Take a deep breath in… and now out. We’re going to go a little further into this as it's a conversation we had recently with a leader in our community that we thought was so valuable in our current landscape of 2020. We’re going to guide you on what you should do if your candidate’s desired compensation is out of your budget.

Let’s first talk about expected or desired salary.

Expected or desired salary is exactly what it sounds like — it’s the expectation your candidates have for whatever role they’re applying for. It's usually in line with what they're used to making or have seen after some research about the role. 

Many companies will list specifically the ranges they are paying for the roles they are hiring for right in the job ad, though it's not necessary, it is helpful in allowing candidates to rule themselves out of the role. 

How to respond if a candidate's salary request is higher than expected or more than your budget.

It can be discouraging to find a great candidate for your open role, only to discover they’re asking for a higher salary than you can afford.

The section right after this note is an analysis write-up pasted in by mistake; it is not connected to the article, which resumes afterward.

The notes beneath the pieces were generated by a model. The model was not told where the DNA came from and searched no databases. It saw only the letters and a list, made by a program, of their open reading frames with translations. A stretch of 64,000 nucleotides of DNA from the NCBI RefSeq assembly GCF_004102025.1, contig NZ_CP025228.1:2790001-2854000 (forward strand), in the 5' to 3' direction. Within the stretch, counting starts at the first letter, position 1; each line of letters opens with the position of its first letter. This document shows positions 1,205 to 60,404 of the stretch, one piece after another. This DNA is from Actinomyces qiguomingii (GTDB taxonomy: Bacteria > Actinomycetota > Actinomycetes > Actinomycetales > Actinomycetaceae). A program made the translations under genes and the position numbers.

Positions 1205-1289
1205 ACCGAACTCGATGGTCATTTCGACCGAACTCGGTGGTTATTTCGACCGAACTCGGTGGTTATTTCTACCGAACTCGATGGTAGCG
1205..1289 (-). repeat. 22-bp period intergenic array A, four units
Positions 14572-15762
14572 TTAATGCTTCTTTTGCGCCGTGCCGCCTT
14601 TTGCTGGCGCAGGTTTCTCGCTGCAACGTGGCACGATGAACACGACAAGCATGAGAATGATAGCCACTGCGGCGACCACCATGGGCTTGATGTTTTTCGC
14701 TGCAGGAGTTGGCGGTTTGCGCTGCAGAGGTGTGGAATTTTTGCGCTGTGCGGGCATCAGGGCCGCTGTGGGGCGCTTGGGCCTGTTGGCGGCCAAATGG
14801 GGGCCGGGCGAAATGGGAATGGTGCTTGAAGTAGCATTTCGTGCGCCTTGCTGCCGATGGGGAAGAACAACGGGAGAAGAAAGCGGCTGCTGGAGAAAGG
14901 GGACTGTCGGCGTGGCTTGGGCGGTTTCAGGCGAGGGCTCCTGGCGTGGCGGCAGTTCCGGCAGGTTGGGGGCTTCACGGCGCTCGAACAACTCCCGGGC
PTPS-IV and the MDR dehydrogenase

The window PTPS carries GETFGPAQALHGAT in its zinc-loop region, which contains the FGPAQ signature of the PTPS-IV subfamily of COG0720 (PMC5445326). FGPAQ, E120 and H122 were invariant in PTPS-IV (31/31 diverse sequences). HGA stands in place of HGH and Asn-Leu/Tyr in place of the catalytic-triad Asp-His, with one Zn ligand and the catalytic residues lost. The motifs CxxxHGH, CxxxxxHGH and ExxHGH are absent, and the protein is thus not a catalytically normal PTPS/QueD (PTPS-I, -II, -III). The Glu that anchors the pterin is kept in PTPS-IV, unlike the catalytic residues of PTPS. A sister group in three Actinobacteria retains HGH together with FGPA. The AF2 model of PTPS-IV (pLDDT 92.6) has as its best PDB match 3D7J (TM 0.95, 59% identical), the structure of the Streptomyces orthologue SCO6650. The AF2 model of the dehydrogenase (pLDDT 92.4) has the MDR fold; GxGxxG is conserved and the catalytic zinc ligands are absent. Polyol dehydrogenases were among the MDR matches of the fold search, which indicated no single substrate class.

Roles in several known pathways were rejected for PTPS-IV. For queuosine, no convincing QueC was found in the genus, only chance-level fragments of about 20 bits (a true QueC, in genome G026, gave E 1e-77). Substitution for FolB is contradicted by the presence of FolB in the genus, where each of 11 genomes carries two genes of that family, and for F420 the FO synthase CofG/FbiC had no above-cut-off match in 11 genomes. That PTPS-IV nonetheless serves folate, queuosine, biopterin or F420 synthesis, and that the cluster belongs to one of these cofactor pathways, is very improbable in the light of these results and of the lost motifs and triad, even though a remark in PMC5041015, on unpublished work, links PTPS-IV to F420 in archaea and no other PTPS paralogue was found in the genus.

First things first, check to see if there could be room in the budget to meet their salary expectations. Great talent can sometimes come with a higher salary, but that might also mean great output and potential for growth.

A great place to start is by determining the current market value for the role in question.

To get the best results, opt for fresh, accurate data so you can confidently move forward knowing exactly what you should be paying someone in this position. Great resources for this are sights such as Indeed and GlassDoor.

If their desired compensation is truly out of reach, there’s only one thing you can do: be transparent about your budget restrictions.